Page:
By Jim McGuire
During a recent outing, I stumbled across a dandy blackberry patch not far from home.
The discovery surprised me.
As the crow flies, the sprawling patch is located maybe a mile from my riverbank cottage, on land I regularly visit. Because it’s so handy, this long-abandoned farm is often my getaway choice for an impromptu ramble. I’ve been poking around its hidden precincts for years—exploring the little cedar groves, woodsy fencerows, and overgrown old fields.
I thought I knew every square foot by heart—but I do know such a lush half-acre tangle of thriving blackberry bushes didn’t spring up overnight.
How could such an appalling oversight happen?
As a lifelong and absolutely unrepentant forager, I’m always on the lookout for any sort of tasty wild treats.
Regardless of the season or the activity, I’m currently engaged in, my subconscious wild-forager’s radar is simultaneously assessing the surroundings, attuned to the gastronomic potential of whatever might be picked or plucked and plopped into a tote-sack weeks or months down the road.
Juicy, sun-ripened blackberries, dripping with flavor, rank high on the list of the free wild eats I adore. The moment I saw that patch and all the berries on the briar canes, my mouth began watering just thinking about things like blackberry cobblers, blackberry smoothies, blackberry pies, blackberry syrup, and blackberry jam! Possibly even a few drops of blackberry cordial for sipping by the woodstove on those cold winter nights.
Yet, for who knew how long, I’d somehow managed to miss this potential motherlode growing practically in my backyard!
Well, at least I didn’t miss them again this year!
Unfortunately, while the maze of briars I’d found were loaded with large berries, the berries—many the diameter of a nickel—were still green, though a few were beginning to show a blush of color. But I guess it’s still a bit early for our local wild blackberries to be ripe—or the berries in this particular patch, anyway.
However, a week or two of bright sunshine and steady summer heat ought to do the trick. You can bet your bottom dollar I’ll keep checking back!
I believe in natural magic and hold an unwavering and abiding faith in the fruition power of time and sun.
My gardening neighbor has a similar attitude. Her huge backyard plantings could be the cover shot for a seed catalog. Everything is in neat, well-tended rows—melons, sweet corn, green beans, peas, cucumbers, onions, lettuce, cabbage, potatoes, carrots, okra and peppers.
She’s especially fond of heirloom tomatoes and grows an incredible variety from seeds started indoors in late-March. Tomatoes with picturesque names such as Arkansas Traveler, Brandywine Red, Cherokee Purple, Mortgage Lifter, Kentucky Beefsteak, Long Tom, Purple Calabash, Sweet Million, Yellow Perfection, and Stump-of-the-World.
“The good’ns take their time,” she says. “I feed an’ water…and wait.”
Summer’s hot sun and elixir rains—along with attentive nurturing and an occasional dollop of manure tea—produce unique and incredible tomatoes, which taste as unlike those fake things you buy at the grocery as a banana from a rutabaga! Thankfully, she is always extremely generous in sharing her exquisitely delicious old-time treasures.
Last week’s passing solstice marked the official seasonal switch from spring into summer. But we’re also set to change months. June will end as July begins its reign—and we’ll then be trekking our way through the year’s second half.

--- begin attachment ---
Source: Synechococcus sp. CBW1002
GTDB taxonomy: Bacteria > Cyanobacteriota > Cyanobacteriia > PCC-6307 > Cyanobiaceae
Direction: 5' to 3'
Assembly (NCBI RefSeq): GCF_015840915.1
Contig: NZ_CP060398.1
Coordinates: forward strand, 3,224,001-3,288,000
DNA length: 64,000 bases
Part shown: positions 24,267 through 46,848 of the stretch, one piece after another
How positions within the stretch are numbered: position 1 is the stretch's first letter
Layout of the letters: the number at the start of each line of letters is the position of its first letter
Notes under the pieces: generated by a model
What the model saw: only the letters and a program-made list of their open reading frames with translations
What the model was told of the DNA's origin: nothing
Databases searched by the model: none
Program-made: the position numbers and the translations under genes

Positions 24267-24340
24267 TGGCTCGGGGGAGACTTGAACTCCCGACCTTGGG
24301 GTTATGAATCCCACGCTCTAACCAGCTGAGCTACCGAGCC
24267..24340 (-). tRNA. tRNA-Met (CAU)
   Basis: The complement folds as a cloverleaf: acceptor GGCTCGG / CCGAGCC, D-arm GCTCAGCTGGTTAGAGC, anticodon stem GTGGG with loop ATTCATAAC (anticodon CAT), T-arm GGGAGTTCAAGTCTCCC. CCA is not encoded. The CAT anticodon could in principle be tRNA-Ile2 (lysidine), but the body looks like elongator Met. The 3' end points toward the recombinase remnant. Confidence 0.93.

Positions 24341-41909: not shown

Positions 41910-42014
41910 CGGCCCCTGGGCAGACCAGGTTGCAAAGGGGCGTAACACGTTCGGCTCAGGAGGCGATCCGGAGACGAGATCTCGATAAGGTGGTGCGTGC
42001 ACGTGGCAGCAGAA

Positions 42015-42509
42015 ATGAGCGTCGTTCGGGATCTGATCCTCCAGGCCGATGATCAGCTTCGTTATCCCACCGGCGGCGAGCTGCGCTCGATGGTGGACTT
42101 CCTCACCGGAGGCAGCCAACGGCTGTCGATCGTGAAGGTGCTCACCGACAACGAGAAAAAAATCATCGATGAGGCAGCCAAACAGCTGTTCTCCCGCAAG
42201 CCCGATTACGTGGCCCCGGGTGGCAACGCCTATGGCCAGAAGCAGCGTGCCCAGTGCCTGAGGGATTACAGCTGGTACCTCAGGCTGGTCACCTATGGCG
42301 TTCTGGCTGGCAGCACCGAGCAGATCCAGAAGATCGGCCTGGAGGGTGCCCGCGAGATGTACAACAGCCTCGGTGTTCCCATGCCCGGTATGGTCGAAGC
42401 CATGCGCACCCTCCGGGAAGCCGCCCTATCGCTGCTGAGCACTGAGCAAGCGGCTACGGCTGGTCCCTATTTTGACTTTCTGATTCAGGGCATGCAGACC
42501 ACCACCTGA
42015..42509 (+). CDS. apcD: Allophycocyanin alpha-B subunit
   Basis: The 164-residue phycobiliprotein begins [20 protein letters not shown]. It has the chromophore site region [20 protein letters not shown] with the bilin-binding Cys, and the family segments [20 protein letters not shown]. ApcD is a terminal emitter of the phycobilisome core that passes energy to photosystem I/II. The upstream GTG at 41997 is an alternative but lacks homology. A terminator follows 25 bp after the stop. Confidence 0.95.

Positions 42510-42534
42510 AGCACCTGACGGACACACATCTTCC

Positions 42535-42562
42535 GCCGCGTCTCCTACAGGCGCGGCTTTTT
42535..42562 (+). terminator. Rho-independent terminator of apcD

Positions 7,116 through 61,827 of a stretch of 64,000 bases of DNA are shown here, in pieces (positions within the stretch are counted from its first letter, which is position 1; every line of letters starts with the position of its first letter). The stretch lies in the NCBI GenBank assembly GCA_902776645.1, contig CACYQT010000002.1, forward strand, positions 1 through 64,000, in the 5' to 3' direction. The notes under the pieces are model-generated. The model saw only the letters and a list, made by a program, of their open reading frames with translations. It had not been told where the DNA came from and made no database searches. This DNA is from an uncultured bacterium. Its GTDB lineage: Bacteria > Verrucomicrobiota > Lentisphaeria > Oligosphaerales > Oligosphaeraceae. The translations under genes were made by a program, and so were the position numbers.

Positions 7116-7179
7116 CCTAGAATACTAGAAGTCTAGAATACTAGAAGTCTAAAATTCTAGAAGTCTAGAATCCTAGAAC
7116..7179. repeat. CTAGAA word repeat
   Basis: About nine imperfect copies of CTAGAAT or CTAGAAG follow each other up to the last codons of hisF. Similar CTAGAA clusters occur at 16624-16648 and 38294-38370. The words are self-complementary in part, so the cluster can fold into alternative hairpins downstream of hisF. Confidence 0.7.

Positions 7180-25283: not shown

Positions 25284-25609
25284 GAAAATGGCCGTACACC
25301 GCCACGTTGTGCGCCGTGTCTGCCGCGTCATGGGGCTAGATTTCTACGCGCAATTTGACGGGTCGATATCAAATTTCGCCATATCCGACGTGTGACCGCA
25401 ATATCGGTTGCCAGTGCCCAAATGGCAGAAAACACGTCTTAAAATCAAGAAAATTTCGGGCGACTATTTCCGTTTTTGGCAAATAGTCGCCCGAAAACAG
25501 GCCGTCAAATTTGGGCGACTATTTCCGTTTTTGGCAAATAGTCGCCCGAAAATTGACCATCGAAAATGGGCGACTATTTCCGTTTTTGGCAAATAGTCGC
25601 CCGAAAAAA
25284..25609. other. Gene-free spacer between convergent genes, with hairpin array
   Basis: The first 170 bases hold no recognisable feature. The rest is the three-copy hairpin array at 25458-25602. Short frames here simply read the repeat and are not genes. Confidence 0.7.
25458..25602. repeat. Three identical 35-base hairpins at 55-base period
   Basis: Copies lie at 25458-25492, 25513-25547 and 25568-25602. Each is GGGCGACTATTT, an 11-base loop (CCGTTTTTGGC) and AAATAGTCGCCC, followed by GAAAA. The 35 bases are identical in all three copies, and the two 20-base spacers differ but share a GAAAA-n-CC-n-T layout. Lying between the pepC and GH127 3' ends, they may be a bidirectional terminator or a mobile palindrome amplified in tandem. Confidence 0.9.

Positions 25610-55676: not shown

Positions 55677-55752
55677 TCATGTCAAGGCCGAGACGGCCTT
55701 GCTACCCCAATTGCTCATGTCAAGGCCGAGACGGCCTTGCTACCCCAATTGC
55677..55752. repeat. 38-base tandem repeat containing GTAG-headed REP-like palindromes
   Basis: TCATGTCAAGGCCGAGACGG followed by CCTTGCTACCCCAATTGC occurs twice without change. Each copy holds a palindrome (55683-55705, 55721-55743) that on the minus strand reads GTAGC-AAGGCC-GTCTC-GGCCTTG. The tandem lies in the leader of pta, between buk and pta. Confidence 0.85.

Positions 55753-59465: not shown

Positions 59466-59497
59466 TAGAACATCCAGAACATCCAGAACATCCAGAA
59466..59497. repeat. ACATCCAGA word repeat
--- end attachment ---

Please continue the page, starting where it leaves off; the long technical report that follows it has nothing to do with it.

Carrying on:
Daylight is already incrementally on the wane. The allotted span of every passing day affords a bit less—steadily diminishing as dawns come later and dusks commence earlier.
Not that you’re apt to notice this loss straightaway—though by the end of July, we’ll already have given up 49 minutes of precious light. But the real rub is that like most downhill runs, as the weeks progress, we’ll gradually pick up speed—losing evermore daylight.
It doesn’t seem like too many weeks back that cold weather continued to linger, and I still needed to saw and split a few additional logs for firewood to feed the woodstove.
Then there was all the endless rain. Ohio’s monsoon season. Spring’s wildflowers came and went amid the days of mud and wet and cold…and I missed out on a bunch.
You don’t get do-overs on spring ephemerals. Instead, you’re resigned to waiting until next year and hope you can make that showing.
The older I get, the more I feel like I’m living amid a scene depicting time’s passage in some vintage black-and-white movie. You know, where the hour hands of a wall-clock spin crazily around its face, or day-pages on a calendar stream onto the floor.
There’s nothing I can do about this disheartening phenomenon except try and make the most of my time.
After seeing those blackberries ripening on their canes, I’m reminded that I’d better take a few rambles to several favorite woodlands and check on this year’s pawpaw crop. I ought to be able to start collecting ripe pawpaws by the end of August. Not all that many weeks away.
I’m also prompted to bushwhack back to a couple of long-abandoned homesites where their old-fashioned pear trees still struggle to produce fruit amongst the tangled weeds of the former dooryard. I love such pears, but they’re getting increasingly difficult to acquire. Their fruits don’t ship well, and they have a short shelf life—so you won’t find them in grocery stores, and rarely now at seasonal roadside fruit stands.
I want to save a few again this year, I’ll have to ferret them out—and be on time.
“Time waits for no one,” my mother used to caution whenever I procrastinated.
Mom was right, of course—it pays to plan ahead.
Jim McGuire, a nature columnist, resides in Englewood, and can be reached at [email protected]